Newark, New Jersey has beaten out Montclair, New Jersey to host the 2010 Dodge Poetry Festival. This is ironic, because the Dodge Foundation had originally canceled the festival because of the expense.
Montclair residents had fought for the festival to be in their town, which makes sense because Montclair is an "artsy" town, and holding it on in the central business district on Bloomfield Avenue, but festival organizers, including David Grant, president and CEO of the Foundation, have elected to hold it in Newark instead.
The last festival was at Waterloo Village in rural Stanhope and having it in Newark is certainly about as different as you can get.
Now I think that's it is wonderful that Newark is attempting becoming a place for writers, as the recent development of an ambitious M.F.A. program in creative writing at Rutgers-Newark attests, and I'm all for working hard to improve Newark.
Eight towns showed interest in saving the festival and having it in their towns. However, the second N.J.com article clearly states:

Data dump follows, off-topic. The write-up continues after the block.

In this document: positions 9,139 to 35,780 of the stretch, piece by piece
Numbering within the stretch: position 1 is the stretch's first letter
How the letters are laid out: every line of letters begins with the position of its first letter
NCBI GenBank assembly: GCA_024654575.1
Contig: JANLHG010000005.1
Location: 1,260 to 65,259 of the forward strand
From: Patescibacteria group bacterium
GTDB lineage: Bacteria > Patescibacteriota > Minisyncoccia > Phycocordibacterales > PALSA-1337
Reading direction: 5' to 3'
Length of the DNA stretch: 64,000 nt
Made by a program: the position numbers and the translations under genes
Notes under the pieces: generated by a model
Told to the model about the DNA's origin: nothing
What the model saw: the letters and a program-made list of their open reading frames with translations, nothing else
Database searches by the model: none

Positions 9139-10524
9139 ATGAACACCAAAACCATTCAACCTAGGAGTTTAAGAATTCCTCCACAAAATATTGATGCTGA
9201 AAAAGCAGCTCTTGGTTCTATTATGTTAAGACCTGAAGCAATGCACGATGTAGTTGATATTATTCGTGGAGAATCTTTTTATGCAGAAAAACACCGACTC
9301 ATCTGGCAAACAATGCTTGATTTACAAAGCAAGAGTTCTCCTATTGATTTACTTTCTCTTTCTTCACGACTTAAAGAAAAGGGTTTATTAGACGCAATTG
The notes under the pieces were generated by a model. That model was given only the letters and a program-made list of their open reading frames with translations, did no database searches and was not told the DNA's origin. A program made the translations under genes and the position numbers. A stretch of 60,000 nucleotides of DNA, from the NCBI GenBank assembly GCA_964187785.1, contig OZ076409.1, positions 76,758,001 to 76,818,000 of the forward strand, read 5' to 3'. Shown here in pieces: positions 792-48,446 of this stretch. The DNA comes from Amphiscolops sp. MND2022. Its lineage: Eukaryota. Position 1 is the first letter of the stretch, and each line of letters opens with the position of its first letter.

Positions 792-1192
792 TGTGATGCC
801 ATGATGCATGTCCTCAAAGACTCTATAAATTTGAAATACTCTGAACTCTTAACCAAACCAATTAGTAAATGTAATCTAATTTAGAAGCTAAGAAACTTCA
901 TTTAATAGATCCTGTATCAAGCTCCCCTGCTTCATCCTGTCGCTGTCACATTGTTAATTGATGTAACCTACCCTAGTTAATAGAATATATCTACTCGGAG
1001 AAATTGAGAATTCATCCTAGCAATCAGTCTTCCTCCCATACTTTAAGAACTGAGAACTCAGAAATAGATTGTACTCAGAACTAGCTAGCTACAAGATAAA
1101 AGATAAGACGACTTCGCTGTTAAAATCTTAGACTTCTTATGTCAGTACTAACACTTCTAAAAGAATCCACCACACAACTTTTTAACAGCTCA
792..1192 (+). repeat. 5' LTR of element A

All were extraordinary in their openness and imagination," said Grant, adding that Montclair’s interest prompted the foundation to approach the project in a new way. Grant said Montclair helped spur Dodge to consider working with a partner to share costs and thus reduce the foundation’s subsidy. That’s what will happen with NJPAC and the city of Newark, he said.So Montclair's ideas helped save the festival, and and then they were snubbed. Hopefully, the next Poetry Festival will be held in Montclair.
"We will always be grateful to Montclair for changing the conversation and making us believe that we could go through this process."